Best of Last Week—A new magnetic element, the cause of childhood leukemia, and leg exercise improving brain health

May 28, 2018 by Bob Yirka
This high resolution electron microscopy image confirms the tetragonal phase of Ru as predicted by the study authors. Credit: University of Minnesota, Quarterman et al, Nature Communications

It was another good week for physics as a team led by a group at the University of Minnesota discovered a new magnetic element. They demonstrated that the chemical element ruthenium is the fourth single element to have unique magnetic properties at room temperature. And a trio of physicists from the University of Oldenburg in Germany described how a particle may stand still in rotating spacetime by causing the surrounding spacetime to rotate along with it. Also, an international team demonstrated stronger-than-binary correlations experimentally for the first time between entangled objects. Their findings showed that the quantum measurement process cannot be described as a binary process but rather that stronger-than-binary ternary measurements need to be considered to truly understand how the quantum measurement process actually works.

It was also a good week for biology news as a team from India and the U.K. found that nanoparticles derived from tea leaves could destroy lung cancer cells, perhaps offering a novel new treatment for the deadly ailment. And George Brooks of the University of California sought to rehabilitate the reputation of lactate by offering a review that showed the small molecule changing from poison to cure. Also, Mel Greaves from the Institute of Cancer Research reported the discovery of the likely cause of childhood leukemia. And a team at MIT found that nanoparticles carrying two drugs can cross the blood-brain barrier and shrink glioblastoma tumors, perhaps offering a way to deal with the notoriously difficult-to-treat brain cancer. Also, a combined team from Purdue University and the Chinese Academy of Sciences found that CRISPR-edited rice plants could produce a major boost in grain yield—offering from 25 to 31 percent more grain.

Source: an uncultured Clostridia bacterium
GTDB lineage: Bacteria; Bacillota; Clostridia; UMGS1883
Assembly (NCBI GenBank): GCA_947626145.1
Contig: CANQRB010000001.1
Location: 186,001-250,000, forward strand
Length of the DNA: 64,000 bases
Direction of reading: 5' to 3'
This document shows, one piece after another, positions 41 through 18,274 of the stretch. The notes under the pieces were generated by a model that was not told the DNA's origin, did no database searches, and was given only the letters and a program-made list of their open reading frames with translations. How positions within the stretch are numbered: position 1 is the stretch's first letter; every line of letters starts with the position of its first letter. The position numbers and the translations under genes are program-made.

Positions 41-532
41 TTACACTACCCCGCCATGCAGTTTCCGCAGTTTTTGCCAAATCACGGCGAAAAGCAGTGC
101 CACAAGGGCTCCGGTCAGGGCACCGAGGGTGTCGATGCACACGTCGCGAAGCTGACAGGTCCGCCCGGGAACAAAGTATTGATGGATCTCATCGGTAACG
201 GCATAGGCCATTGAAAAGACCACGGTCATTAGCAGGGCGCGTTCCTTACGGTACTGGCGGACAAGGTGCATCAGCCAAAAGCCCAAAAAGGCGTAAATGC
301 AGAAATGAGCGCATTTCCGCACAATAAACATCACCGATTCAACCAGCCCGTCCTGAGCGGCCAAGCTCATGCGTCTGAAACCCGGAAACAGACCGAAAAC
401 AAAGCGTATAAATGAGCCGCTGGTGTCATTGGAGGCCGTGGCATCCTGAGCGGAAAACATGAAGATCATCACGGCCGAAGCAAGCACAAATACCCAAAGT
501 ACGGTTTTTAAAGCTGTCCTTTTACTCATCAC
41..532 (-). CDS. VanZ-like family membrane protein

And finally, if you have been looking for a relatively easy way to keep your brain healthy, you might want to check out research done by a team with members from the University of Milan and University of Pavia, both in Italy—they found that leg exercise is critical to brain and nervous system health. All it takes, they discovered, is more walking, or better yet, using the leg muscles to lift things.

© 2018 Phys.org

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